This recent news article from the Sydney Morning Herald about the country’s most dominant player in PPPs shows even in a country like Australia the level of governance framework is far from perfect particularly on disclosure and transparency. However, it is good to note there are no reports of improprieties in the selection process.
Taxpayers left in dark over public private partnerships
A maze of companies obscures the money trail in Plenary’s PPP deals, writes Michael West.
They are the hotshots of structured finance, the corporate overlords of our public hospitals and high-security government buildings, army bases, courthouses and convention centres.
The three investment bankers parted way with the Dutch giant ABN Amro in 2004 and set up Plenary Group to invest in, develop and operate privatised assets in partnership with governments.
Just eight years down the track, Plenary has won no fewer than 20 public private partnership (PPP) deals in Australia and Canada.
Their prolific deal-making even thrust O’Rourke and his team into Dealogic’s global top 10 last year for project finance transactions – in the elite company of Exxon and the Russian oil giant Gazprom.
Having whipped the venerable Lend Lease in the beauty parade for the Melbourne Convention Centre mandate in 2009, a $1.4 billion deal, Plenary now finds itself head to head with Lend Lease again in a bidding duel for the new Sydney Convention Centre.
Unlike many of its rivals in the infrastructure space though, Plenary is not listed on a stock exchange where its financial statements are there for all to see, and where it can access public equity.
Although a few entities within its burgeoning corporate empire do disclose, Plenary’s ultimate financial position is unknown. A byzantine maze of companies winds to a cul-de-sac: a private trust controlled by the three Plenary principals and associated entities.
Zero transparency. As one privatisation source told Weekend Business, the use of trusts at the top of corporate structures is a ”massive loophole which promotes a totally opaque disclosure regime and leaves the public [and government] in the dark as to the true financial position of hundreds of high-profile corporate groups. As a result, there is no public disclosure whatsoever of trusts holding billions of dollars of sensitive government PPP assets.”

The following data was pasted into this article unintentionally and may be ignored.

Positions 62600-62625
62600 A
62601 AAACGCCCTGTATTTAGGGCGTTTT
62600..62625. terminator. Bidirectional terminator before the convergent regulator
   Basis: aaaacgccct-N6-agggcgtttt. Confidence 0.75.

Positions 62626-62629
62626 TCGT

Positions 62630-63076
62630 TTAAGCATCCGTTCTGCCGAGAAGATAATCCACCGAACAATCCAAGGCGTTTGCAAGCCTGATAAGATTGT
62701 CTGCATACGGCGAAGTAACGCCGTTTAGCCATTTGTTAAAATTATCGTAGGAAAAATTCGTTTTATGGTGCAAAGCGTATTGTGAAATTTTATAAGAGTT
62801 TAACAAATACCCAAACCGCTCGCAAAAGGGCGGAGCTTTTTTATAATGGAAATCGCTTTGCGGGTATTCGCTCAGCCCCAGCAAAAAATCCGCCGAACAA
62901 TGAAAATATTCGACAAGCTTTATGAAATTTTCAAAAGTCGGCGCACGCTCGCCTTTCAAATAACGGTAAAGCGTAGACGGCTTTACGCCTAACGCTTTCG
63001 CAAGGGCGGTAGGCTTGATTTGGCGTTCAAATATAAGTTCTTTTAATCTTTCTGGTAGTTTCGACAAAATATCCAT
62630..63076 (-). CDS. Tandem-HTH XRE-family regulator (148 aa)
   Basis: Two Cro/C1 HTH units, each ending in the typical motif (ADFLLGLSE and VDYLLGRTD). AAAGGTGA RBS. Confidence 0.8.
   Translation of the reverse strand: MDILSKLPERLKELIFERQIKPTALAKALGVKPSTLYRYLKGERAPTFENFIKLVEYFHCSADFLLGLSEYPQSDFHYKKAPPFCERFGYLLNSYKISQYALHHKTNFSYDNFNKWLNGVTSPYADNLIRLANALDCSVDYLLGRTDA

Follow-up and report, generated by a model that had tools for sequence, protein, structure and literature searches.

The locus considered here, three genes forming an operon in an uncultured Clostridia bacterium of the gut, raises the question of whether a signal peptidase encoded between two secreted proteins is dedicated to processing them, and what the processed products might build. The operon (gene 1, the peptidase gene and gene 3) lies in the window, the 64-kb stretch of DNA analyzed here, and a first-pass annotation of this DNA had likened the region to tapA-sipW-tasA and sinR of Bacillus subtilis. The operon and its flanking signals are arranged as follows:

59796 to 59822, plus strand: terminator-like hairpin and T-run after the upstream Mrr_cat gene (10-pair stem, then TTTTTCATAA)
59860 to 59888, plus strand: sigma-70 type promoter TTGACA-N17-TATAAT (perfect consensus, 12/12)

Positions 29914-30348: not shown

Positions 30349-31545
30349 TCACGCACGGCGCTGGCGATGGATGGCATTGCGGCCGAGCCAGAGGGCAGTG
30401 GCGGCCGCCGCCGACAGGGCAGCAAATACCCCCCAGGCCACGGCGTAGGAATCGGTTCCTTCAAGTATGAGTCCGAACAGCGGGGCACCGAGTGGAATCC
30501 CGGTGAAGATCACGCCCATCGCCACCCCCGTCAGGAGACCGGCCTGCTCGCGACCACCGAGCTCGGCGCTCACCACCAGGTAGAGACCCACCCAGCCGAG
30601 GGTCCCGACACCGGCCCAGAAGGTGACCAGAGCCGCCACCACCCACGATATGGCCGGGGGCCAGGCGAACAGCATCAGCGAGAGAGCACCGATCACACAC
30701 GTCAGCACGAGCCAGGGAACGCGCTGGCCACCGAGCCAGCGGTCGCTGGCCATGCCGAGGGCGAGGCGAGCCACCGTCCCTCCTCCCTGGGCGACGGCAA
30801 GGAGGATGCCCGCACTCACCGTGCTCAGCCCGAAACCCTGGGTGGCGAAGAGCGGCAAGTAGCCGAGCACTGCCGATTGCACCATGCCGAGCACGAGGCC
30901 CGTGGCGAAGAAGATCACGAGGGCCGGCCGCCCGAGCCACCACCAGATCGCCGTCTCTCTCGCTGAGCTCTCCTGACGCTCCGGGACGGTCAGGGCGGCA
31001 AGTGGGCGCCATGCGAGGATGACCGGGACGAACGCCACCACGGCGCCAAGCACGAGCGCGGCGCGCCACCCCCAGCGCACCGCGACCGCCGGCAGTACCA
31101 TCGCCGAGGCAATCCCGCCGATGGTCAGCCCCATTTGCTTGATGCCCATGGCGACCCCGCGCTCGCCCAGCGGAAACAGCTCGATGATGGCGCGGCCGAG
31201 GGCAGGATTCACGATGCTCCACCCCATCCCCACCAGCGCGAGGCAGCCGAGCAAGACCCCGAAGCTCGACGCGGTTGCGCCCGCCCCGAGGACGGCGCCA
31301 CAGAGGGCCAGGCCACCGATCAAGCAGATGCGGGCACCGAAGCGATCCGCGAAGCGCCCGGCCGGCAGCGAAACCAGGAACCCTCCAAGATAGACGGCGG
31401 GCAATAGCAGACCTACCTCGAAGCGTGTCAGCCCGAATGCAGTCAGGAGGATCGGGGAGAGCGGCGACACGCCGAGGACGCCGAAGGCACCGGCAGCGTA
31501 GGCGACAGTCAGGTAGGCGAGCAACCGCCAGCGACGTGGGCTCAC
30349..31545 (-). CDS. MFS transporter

Plenary itself can hardly be expected to disclose any more than it has. Its chief, O’Rourke, was helpful in providing detailed responses to questions, at least within the remit of his firm’s legal and regulatory obligations.
”We defer to the government,” O’Rourke said this week. ”Each project has its own disclosure regime. [Our reporting] includes full transparency in the way the project is financed.”
The Department of Treasury and Finance and Partnerships Victoria – which look after PPPs – were not so forthcoming. Both were unable to confirm this week if they even had access to the ultimate accounts of Plenary. Some responses to questions, said a spokeswoman, might ”take a few days”.
Transparency however is a serious responsibility of government, particularly in light of such large financial transactions involving public assets.
Like other PPPs, Plenary’s structures are highly leveraged.
The 2011 financial accounts for the Melbourne Convention Centre, owned by Plenary Conventions Pty Ltd, were lodged late last week. They showed such aggressive debt levels that the company was technically insolvent. Its liabilities, that is, exceeded its assets.
This doesn’t mean the Plenary parent company is in financial trouble. As O’Rourke says, infrastructure assets are often highly geared. The convention centre PPP was performing beyond expectations, he said.
Also typical of infrastructure projects, each of Plenary’s projects is housed in its own structure. The debt is project financed, non-recourse, so if one went belly-up it would have no effect on the others.
And so far, Plenary’s record is spotless, well almost. Although some projects have performed better than others, the only failure has been that of the South Wharf Retail project associated with the Melbourne Convention Centre following the collapse of the troubled Austexx DFO Group – one of Plenary’s partners.
Yet this has led to a peculiar situation where the Tax Office is trying to wind up a company which is 100 per cent-owned by Plenary Group on the ”grounds of insolvency” because Plenary is refusing to pay $2.35 million in overdue BAS payments.
The Tax Office action, again deferred by the Federal Court last week, is against Plenary Conventions Tower Pty Ltd and relates to a tax debt of the convention centre hotel and retail business of Plenary Group after the Austexx collapse. It followed the placement of two Plenary Group 25 per cent-owned associates, South Wharf Retail Pty Ltd and South Wharf Tower Pty Ltd, into external administration in November 2011.